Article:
Focus on other activities you love or spend time with other people in your life. Not hanging out with them isn’t about being mean or judgmental. It’s self-care, and ultimately, it’s each of our responsibilities to ourselves.

 

3. Disconnect From Technology

Being connected at all times has its downsides. If you’re dealing with your best friend’s issues at night, you’re setting yourself up for problems. Try turning off your phone, removing social media apps, or even deactivating accounts until you’re feeling better.

According to Kate Dow: “If you don’t take a break, your brain and body are experiencing high-stress stakes constantly, and chronic stress can lead to getting sick.”

 

4. Reconsider The Relationship

If someone is bringing a lot of negativity into your life, or if you suspect they may be toxic, you should re-evaluate whether you want to spend time with them. It’s an extreme case, but at times, it’s necessary. Figure out how much this friend means to you and how important it is to maintain that friendship.

 

“There’s folks you just don’t need. You’re better off without em. Your life is just a little better because they ain’t in it.” — William Gay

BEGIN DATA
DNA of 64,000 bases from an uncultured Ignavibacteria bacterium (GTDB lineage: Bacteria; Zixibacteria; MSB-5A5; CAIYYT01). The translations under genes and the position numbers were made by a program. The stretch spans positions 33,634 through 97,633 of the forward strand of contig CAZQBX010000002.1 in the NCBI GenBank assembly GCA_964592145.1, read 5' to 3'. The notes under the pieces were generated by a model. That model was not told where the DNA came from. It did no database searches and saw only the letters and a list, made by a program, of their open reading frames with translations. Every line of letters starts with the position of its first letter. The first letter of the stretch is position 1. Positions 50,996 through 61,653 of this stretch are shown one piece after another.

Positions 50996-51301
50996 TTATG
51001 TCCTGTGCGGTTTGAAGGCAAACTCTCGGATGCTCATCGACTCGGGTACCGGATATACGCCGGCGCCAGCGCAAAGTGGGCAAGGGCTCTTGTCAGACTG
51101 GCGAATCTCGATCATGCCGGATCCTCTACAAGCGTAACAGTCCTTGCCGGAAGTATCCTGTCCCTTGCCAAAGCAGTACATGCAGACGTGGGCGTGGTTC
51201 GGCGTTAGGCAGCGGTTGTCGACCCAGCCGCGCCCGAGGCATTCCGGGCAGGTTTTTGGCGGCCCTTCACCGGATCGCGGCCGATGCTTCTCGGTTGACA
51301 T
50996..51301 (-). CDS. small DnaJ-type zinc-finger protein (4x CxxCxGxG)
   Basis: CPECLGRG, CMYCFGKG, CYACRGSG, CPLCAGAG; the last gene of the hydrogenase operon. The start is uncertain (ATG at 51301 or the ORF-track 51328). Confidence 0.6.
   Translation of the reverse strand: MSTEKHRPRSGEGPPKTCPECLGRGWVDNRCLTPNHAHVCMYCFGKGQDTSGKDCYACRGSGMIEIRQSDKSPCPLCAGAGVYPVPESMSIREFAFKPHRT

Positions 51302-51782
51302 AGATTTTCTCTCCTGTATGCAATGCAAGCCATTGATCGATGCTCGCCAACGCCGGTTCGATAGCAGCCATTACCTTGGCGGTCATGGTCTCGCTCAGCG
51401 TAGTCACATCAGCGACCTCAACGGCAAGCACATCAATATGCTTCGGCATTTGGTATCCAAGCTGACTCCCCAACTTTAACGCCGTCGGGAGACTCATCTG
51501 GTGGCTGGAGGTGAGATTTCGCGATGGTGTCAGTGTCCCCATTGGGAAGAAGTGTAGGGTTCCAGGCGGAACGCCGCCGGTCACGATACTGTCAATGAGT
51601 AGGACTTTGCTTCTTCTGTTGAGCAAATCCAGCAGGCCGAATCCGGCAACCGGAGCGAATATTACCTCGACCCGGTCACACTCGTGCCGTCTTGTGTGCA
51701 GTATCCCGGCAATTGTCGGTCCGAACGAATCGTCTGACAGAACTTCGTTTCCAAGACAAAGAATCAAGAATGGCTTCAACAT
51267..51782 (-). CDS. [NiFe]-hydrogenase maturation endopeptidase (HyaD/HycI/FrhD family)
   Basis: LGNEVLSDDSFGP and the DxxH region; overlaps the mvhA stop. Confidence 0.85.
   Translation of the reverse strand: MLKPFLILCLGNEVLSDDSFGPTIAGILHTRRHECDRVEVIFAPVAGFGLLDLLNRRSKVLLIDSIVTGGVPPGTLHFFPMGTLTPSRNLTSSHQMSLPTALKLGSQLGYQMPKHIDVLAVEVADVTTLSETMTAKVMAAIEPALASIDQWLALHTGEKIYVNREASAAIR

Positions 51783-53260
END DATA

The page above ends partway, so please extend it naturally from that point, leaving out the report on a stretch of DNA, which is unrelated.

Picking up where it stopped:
Think Positive And Work Hard

Even if you’re the sunniest person in the world, staying positive at tough times can still be hard work. Sometimes, problems can seem overwhelming which makes it so tempting to crawl under the covers and shut yourself away from the world. However, we will all go through many difficult situations in our lives, and we don’t want to waste our lives being sad.

In the end, we think positive not because it makes life easier along the way. It’s because of all the hardship that life brings, making it all the more important that we need to stay positive.

 

“Positive thoughts generate positive feelings and attracts positive life experiences.” – Mae West

 

  • Do you have a different view on this?
  • Did you ever set boundaries with friends and lovers?
  • How often do you get caught up in the feelings of a loved one?